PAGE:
– Production practices in different countries;
– Scheduling practices in different countries;
– TV brands in different countries;
– Genre definitions and redefinition in different countries;
– Textual evolutions in different countries;
– Consumption practices in different countries;
– Transnational circulation of TV products;
– Production and consumption macro-areas (i.e. European Community, English-speaking countries);
– Original research findings on single case histories across two or more nations.

Scholars from all areas of TV and media studies are invited to submit proposals for contributions.

Each speaker will have about 20 minutes of speaking time.

Proposals (250 words, written in English, French or Italian), along with short biographical notes and key bibliographical references, are due by February 28 th. Submissions should be sent to Attilia Rebosio, [email protected]

Notifications of acceptance will be sent no later than March 10 th.

Day 2

Transnational Soundscapes: Sound and the Media in Europe

Università Cattolica del Sacro Cuore, Milan, May 15th, 2013

In post-WWII Europe, popular culture began to relate to a wide range of mediatized practices, at the centre of which the growing music industry essentially revolutionized the media- and soundscapes we live in. This already convergent network expressed a wider social change towards modernity, mobility, new gender relations, that could also be felt as a generational shift. For us today it seems likely to have been the place for the building of individual and collective life histories, allowing an interpretation in terms of personal and collective memories and cultural heritage.

In order to begin a reconceptualization of such cultural practices, we are in need of more information concerning the historical background, the modes of production and the industrial strategies, the textual and paratextual output and the patterns and ways of consumption that characterized the crucial encounter between audio-visual media and popular music, gathering different methodological perspectives as much as comparing different national or transnational trajectories.

As a consequence, the aim of this symposium is to explore from a comparative perspective, European popular culture in its crucial journey towards mediatization from 1945 to the Seventies, as an exemplary trajectory for its seemingly excessive foregrounding of music and sounds within the national film, radio and television cultures and the transnational mediascape. Topics of papers may include:

–         popular music and media industry
–         european Media industry vs American media industry
–         amplification and high fidelity;
–         audiovisual performance and the canonization of popular forms;
–         national/transnational pop music and culture;
–         popular music in film, radio and television;
–         cross-media singers and performers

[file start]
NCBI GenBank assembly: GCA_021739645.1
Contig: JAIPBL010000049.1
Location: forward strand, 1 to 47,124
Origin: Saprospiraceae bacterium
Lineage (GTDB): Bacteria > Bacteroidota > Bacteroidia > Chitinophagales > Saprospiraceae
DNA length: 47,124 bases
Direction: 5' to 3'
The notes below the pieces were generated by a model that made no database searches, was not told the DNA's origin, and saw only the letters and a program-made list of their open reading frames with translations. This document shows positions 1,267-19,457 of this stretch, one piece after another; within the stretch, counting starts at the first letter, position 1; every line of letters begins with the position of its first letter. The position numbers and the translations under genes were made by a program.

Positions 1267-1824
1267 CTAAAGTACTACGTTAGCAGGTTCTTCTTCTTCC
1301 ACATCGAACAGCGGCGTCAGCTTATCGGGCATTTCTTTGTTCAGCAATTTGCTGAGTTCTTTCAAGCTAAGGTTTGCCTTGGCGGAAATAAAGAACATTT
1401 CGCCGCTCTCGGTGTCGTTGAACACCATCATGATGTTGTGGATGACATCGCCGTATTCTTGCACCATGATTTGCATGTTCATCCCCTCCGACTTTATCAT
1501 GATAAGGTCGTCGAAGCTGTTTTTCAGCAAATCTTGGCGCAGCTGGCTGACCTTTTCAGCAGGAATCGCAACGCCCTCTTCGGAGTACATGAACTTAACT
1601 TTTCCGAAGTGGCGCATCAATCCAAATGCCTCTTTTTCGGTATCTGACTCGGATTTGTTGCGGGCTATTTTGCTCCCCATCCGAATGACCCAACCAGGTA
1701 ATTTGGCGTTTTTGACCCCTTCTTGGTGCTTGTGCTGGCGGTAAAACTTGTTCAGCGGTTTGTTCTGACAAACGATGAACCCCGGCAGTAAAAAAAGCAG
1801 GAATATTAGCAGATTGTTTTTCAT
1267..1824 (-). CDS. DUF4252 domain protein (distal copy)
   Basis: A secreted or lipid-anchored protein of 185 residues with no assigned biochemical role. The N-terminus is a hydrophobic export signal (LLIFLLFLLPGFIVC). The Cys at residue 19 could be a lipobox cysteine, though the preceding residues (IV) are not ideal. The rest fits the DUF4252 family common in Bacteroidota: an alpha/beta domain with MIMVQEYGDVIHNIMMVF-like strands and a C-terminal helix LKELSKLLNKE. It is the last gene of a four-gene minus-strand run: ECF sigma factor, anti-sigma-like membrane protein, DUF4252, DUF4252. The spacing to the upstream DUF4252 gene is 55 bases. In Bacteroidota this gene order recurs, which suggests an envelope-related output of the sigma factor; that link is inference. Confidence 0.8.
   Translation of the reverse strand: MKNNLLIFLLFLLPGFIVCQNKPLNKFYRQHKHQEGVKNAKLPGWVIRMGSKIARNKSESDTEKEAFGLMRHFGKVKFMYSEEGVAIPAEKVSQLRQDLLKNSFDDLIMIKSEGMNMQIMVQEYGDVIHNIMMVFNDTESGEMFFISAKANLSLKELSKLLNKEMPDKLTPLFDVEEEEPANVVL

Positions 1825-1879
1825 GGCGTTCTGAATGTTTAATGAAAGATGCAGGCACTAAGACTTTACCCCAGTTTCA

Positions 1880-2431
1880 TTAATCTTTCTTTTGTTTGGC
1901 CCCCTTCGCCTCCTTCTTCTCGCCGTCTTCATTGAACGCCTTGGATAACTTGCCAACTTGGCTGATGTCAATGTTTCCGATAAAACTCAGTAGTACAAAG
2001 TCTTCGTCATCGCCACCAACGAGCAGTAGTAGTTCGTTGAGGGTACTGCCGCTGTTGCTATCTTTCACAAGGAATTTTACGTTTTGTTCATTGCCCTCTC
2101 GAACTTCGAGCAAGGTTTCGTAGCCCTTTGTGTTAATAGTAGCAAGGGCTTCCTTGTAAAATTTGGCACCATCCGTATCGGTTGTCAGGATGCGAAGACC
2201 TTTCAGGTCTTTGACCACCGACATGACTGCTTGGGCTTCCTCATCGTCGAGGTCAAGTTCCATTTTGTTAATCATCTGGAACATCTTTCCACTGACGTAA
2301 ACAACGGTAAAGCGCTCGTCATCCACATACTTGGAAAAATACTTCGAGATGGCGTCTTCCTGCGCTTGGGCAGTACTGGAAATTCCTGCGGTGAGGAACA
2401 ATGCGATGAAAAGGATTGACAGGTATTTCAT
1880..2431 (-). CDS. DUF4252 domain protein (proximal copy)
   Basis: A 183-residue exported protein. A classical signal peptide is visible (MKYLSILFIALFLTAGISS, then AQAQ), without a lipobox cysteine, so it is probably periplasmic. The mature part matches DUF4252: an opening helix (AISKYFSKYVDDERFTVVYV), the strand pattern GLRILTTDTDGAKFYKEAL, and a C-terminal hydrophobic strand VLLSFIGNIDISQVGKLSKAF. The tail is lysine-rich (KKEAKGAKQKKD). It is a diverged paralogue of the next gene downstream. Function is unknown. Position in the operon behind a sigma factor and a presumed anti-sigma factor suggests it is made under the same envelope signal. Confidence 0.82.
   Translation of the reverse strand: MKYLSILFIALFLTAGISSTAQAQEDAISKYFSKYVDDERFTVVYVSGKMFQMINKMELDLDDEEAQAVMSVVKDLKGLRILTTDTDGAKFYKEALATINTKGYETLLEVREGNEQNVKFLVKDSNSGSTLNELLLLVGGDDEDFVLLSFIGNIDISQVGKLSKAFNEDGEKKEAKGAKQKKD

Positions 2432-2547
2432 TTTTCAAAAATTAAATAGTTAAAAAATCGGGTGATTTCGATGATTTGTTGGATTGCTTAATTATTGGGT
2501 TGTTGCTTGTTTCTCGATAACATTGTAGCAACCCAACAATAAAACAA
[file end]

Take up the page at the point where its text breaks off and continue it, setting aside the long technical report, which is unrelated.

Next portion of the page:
–         stardom and fandom.

Confirmed keynote speakers are:

Franco Fabbri (University of Turin), Andreas Fickers (Maastricht University), Wolfgang Mühl-Benninhaus (Humboldt Universität Berlin)

Scholars from all areas of media and popular music studies are invited to submit proposals for contributions.

Each speaker will have about 20 minutes of speaking time.

Proposals (max. 250 words, written in English, French or Italian), along with short biographical notes and key bibliographical references, are due by February 28 th. Submissions should be sent to Attilia Rebosio, [email protected]

Notifications of acceptance will be sent no later than March 10 th.

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Rhythm Changes Conference 2013

Jun 14 2012 Published by under News

Call for Papers
Rhythm Changes II: Rethinking Jazz Cultures
11-14 April 2013, Media City UK/University of Salford
An international conference hosted by the Rhythm Changes research project at the University of Salford.

Keynote Speakers
E. Taylor Atkins, Northern Illinois University
David Ake, University of Nevada, Reno

“From its beginnings, jazz has presented a somewhat contradictory social world: Jazz musicians have worked diligently to tear down old boundaries, but they have just as resolutely constructed new ones; jazz provided one of the first locations of successful interracial cooperation in America, yet it has also served to perpetuate negative stereotypes and to incite racial unrest.’ Continue Reading »

7 responses so far

CFP: Analyzing and Interpreting Improvised Music

May 25 2012 Published by under Events, News

Here’s an interesting one:
 

Call for Articles – Issue 5: Analyzing and Interpreting Improvised Music

For further information: http://www.act.uni-bayreuth.de/de/cfa_5/index.html
or http://www.act.uni-bayreuth.de/en/cfa_5/index.html
Also please follow us on facebook: https://www.facebook.com/Act.ZfMuP

Instant composing, real-time music, current music, free jazz, intuitive music – the genre indications on the part of artists point to a struggle surrounding a volatile subject. The focus of this issue is to present and discuss the scholarly methods for interpreting and analyzing these and similar genres and to identify their possibilities and limitations.